Joy Behar Attacks Amy Coney Barrett With ‘Litany Of Lies’

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Joy Behar launched a verbal assault on Supreme Court Justice Amy Coney Barrett. However, Behar’s “litany of lies” about Coney Barrett’s religious faith was outrageous and inaccurate, so she was forced to apologize on live TV.

Amy Coney Barrett
Justice Amy Coney Barrett (Credit: YouTube)

Joy Behar took aim at Supreme Court Justice Amy Coney Barrett during an episode of The View. In fact, in a very scripted segment in which Behar read off cue cards, she made false derogatory statements about the Justice’s Catholic faith, claiming she must recuse herself from a religious liberty case.

“Justice Amy Coney Barrett’s religious faith is being called into question again,” Behar claimed. “There are calls for her to recuse herself from a case which is about a web designer who wants to post a statement that she won’t design wedding websites for same-sex couples because it’s against her religious beliefs.”

Joy Behar (Credit: YouTube)

“Now here’s my question,” Behar said. “Does, she is, you know, a religious person. She belongs to the People of Praise group which the — the Southern Poverty Law Center has labeled them a hate group, and their founder has questioned the so-called separation of church and state,” she continued, reading from a white cue card in front of her. “They believe that sex should occur only within marriage and, of course, between a man and a woman. They’ve got very specific things that they believe.”

The outrage over Behar’s remarks was immediate. “The leftists on The View are showing off their anti-Catholic bigotry. Again,” posted MRCTV. “Now, they’re demanding Justice Amy Coney Barrett recuse herself from a religious liberty case explicitly because she’s Catholic.”

Journalist Nicolas Fondacaro also commented on the debacle. “Pure ignorance. Joy claims ACB holds the rank of ‘handmaid’ within the Catholic Church, citing the Washington Post,” he tweeted. “Joy continued to condemn ACB for being a member of a Catholic group, which is not a party to the case coming before the court.”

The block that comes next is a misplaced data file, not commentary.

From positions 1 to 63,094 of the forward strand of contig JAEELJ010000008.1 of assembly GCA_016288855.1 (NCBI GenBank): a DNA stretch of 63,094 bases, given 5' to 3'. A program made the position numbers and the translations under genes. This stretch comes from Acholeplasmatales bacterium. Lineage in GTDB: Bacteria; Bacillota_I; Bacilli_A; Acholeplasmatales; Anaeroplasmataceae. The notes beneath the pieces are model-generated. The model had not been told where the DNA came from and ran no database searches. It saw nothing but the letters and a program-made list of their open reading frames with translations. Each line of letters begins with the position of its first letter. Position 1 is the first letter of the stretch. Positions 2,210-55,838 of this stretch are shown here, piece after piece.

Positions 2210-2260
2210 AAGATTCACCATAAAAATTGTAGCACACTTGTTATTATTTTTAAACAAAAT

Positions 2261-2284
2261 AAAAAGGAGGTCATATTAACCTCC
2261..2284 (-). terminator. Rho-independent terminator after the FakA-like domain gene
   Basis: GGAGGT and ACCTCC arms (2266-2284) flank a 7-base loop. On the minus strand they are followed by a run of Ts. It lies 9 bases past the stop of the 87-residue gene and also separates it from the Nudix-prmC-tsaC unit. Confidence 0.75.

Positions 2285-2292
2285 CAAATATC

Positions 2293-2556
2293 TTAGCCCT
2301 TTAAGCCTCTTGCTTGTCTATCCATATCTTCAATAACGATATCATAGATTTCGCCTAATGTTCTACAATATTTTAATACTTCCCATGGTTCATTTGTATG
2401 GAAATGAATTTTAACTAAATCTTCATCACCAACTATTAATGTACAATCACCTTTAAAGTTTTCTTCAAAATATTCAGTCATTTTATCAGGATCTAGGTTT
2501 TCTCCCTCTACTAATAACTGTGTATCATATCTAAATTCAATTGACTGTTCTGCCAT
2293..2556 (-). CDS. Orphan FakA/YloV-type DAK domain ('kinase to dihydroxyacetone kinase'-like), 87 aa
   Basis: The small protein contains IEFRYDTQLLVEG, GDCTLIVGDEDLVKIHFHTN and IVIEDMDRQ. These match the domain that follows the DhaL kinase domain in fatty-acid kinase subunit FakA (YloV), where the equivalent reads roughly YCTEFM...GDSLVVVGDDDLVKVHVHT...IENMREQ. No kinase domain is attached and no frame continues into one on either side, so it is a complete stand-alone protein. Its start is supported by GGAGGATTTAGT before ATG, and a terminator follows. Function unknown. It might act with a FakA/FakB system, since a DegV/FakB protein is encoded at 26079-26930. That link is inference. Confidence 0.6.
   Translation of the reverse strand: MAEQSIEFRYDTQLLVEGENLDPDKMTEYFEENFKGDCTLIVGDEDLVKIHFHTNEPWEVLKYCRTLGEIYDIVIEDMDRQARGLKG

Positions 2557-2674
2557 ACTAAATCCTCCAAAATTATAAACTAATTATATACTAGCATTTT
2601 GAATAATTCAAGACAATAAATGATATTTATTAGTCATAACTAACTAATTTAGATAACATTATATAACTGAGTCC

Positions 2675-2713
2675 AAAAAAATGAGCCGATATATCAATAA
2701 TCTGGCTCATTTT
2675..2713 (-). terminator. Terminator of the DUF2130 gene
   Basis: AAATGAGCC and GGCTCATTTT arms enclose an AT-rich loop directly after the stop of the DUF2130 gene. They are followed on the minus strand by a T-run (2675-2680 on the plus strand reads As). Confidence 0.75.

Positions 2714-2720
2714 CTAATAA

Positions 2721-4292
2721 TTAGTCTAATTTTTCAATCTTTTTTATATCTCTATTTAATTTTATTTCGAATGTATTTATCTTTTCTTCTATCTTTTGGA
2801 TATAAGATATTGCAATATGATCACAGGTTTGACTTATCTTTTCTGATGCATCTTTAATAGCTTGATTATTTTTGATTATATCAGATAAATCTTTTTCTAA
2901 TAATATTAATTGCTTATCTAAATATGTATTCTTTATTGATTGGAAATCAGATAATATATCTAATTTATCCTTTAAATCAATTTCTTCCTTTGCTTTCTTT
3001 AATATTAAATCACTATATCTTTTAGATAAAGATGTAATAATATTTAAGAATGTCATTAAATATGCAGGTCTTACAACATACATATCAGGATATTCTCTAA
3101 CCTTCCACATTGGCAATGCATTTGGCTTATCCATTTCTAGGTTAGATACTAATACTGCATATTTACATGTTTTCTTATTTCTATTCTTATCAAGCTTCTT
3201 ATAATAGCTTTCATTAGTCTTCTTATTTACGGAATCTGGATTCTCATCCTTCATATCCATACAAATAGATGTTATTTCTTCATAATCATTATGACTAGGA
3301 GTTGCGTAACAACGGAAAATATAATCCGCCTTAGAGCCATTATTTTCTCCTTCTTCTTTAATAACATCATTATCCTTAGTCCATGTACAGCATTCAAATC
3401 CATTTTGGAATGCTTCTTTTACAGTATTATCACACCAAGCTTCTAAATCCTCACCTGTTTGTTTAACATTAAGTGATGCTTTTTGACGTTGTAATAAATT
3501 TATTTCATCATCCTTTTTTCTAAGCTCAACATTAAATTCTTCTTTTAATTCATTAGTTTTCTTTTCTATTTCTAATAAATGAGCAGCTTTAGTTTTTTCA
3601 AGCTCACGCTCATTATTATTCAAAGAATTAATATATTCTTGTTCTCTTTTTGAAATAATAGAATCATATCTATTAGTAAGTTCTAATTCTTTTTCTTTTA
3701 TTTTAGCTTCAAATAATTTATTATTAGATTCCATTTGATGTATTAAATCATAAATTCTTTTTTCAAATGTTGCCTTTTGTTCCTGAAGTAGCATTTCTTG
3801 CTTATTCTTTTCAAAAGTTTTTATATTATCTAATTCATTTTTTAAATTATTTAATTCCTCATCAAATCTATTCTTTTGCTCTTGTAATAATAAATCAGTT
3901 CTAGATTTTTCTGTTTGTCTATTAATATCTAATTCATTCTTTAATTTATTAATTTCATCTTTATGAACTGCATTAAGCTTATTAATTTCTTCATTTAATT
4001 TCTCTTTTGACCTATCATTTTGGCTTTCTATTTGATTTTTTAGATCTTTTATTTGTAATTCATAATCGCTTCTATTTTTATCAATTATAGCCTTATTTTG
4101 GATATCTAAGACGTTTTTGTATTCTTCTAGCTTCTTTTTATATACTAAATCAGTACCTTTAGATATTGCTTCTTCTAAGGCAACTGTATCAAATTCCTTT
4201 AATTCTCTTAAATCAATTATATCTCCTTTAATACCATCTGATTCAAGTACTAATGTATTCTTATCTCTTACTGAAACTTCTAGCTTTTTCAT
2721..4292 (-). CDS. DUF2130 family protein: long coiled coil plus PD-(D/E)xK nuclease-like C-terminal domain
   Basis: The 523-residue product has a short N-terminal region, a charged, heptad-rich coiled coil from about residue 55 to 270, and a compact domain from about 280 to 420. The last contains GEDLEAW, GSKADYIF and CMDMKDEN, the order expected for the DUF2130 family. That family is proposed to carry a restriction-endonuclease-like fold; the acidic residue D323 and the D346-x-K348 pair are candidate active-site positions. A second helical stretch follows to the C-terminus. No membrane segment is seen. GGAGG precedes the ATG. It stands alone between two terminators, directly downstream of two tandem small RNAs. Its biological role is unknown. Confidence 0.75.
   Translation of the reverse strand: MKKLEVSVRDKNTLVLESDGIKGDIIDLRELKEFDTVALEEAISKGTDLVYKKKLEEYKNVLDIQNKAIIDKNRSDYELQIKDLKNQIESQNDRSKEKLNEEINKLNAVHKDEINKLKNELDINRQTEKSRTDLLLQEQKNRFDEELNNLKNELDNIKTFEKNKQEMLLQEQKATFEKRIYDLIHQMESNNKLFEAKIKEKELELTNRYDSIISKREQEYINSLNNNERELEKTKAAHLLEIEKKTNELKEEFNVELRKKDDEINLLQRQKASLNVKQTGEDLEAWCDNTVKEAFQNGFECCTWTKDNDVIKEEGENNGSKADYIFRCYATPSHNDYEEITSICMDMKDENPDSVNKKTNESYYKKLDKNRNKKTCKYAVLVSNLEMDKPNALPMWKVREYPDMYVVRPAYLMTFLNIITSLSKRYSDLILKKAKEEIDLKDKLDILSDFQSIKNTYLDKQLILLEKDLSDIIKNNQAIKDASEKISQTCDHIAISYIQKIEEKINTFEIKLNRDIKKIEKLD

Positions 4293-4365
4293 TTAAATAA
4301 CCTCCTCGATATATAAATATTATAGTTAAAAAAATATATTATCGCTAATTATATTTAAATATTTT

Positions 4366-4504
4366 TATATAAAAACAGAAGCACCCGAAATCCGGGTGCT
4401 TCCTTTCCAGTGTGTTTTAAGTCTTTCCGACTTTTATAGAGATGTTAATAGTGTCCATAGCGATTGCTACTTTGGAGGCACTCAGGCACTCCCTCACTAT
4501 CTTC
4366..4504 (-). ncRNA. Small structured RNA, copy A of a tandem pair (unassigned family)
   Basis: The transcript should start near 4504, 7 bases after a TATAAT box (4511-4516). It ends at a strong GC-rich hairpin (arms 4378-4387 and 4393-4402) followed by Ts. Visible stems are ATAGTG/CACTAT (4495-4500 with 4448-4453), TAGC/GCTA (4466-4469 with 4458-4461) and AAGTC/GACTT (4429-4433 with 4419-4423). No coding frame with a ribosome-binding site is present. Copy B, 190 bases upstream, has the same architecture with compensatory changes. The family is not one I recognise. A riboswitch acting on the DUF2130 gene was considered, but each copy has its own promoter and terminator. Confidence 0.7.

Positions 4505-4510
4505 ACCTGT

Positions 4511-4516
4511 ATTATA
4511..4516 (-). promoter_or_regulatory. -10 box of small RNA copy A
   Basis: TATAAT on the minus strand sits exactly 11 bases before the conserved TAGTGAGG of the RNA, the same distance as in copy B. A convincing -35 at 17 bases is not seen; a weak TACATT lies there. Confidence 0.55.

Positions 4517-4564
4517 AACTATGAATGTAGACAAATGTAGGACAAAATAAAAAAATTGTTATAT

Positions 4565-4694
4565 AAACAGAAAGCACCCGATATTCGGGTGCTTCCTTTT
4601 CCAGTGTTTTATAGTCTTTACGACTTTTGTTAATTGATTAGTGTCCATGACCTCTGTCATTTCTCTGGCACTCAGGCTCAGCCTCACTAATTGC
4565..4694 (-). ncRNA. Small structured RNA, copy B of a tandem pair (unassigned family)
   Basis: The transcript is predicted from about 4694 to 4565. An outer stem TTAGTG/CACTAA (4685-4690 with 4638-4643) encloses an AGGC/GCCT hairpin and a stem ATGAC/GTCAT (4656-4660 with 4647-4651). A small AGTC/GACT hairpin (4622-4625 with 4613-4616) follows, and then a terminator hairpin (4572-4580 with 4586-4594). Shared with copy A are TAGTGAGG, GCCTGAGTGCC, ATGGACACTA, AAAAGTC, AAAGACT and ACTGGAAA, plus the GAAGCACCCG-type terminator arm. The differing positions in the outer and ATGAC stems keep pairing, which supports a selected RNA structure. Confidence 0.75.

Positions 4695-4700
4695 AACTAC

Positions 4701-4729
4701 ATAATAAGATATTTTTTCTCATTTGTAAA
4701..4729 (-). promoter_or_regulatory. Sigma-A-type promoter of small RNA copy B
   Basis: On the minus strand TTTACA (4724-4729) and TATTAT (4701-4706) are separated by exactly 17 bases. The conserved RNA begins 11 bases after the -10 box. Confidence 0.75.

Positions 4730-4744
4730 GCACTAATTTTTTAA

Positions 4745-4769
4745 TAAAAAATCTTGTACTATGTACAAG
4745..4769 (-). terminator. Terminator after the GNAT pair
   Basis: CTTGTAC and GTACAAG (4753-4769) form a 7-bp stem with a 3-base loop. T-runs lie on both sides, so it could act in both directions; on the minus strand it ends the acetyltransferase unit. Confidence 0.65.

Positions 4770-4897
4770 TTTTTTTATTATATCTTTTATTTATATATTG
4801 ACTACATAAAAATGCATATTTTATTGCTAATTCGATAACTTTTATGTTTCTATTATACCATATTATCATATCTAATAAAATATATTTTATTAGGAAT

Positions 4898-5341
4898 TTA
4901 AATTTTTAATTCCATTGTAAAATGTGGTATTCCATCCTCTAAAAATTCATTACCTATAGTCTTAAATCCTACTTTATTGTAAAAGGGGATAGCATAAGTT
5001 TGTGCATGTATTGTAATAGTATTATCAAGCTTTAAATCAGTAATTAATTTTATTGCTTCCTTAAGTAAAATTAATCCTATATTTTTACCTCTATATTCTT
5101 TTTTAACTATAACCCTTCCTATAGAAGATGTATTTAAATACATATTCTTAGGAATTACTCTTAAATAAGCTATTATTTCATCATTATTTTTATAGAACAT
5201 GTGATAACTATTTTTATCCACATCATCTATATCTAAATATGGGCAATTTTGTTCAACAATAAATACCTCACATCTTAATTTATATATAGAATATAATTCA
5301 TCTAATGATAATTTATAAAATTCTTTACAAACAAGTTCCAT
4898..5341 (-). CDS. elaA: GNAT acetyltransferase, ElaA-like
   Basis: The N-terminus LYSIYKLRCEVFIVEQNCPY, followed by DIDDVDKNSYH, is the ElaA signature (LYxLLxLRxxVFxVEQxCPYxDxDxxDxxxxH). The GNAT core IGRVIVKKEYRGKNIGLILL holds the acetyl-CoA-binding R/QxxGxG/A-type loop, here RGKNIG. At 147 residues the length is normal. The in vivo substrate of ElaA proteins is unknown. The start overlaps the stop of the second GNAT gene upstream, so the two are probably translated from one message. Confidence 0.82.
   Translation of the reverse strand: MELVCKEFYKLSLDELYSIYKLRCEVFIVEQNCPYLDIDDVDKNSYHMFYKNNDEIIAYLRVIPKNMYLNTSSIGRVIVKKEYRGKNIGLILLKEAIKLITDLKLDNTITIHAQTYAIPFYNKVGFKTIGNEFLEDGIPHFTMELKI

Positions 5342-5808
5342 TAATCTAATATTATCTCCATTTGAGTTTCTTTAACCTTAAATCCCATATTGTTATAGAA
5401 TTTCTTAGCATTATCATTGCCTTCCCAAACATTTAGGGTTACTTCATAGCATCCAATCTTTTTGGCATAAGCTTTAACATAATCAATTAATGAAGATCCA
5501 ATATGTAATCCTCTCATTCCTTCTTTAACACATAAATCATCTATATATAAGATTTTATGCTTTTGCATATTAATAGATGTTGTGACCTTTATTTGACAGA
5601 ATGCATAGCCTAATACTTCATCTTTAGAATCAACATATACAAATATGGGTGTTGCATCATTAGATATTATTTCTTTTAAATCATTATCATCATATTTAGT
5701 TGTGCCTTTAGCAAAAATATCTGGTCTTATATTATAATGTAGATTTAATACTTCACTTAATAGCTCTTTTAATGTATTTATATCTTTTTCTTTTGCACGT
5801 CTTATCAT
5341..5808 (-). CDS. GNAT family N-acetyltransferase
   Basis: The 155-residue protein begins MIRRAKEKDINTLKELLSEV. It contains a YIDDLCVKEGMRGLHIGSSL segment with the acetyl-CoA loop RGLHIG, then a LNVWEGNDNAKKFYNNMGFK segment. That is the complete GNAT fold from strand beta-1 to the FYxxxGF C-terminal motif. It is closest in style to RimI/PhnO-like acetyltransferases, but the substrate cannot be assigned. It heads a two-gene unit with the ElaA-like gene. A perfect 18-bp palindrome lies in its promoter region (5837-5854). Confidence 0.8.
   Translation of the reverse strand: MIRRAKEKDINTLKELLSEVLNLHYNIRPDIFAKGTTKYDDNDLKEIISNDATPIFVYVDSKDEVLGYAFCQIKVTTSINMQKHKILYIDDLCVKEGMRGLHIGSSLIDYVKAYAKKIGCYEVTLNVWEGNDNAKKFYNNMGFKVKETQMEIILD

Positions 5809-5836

The backlash about spreading misinformation forced Joy Behar to issue an on-air apology. “I have to clarify something I said yesterday. I want to correct something,” she said. “I said on air when I stated that People of Praise had been deemed a hate group, I just got them mixed up with another group. It was inaccurate. So I don’t think that’s right that I should – I have to say, you know, sorry about that … Anyway. I conflated them.”

Joy Behar looked down while reading from cue cards during her attack on Amy Coney Barrett (Credit: YouTube)

However, BizPac Review described Behar’s apology as “flippant,” and they went on to criticize the entire retraction. “For what it’s worth, Behar did not reveal which group she supposedly ‘conflated’ People of Praise with,” they reported. “During the discussion, Behar made up her own facts out of thin air, claiming the Southern Poverty Law Center had deemed ‘People of Praise’ a hate group.”

“Critics not only had a problem with Behar spreading misinformation but with the anti-Catholic sentiment that they felt was present during the previous day’s discussion,” BizPac Review added. This isn’t the first time The View was forced to issue a retraction along with an apology on-air. Turning Point USA, a conservative group founded by radio host Charlie Kirk, took legal action after The View claimed the organization “embraced” neo-Nazis. The lawsuit forced The View into an on-air apology for making “false derogatory statements” against TPUSA.

It should be noted that the People of Praise are anything but a hate group. People of Praise is a group that describes itself as a multi-denominational “charismatic Christian community” on its website. The group also honors the first Christians “who were led by the Holy Spirit to form a community.”

“Jesus desires unity for all people,” the group said. “We live out this unity the best we can, in spite of the divisions within Christianity. We are Roman Catholics, Lutherans, Episcopalians, Methodists, Pentecostals, Presbyterians, and other denominational and nondenominational Christians. Despite our differences, we are bound together by our Christian baptism. Despite our differences, we worship together,” they added. “While remaining faithful members of our own churches, we have found a way to live our daily lives together.”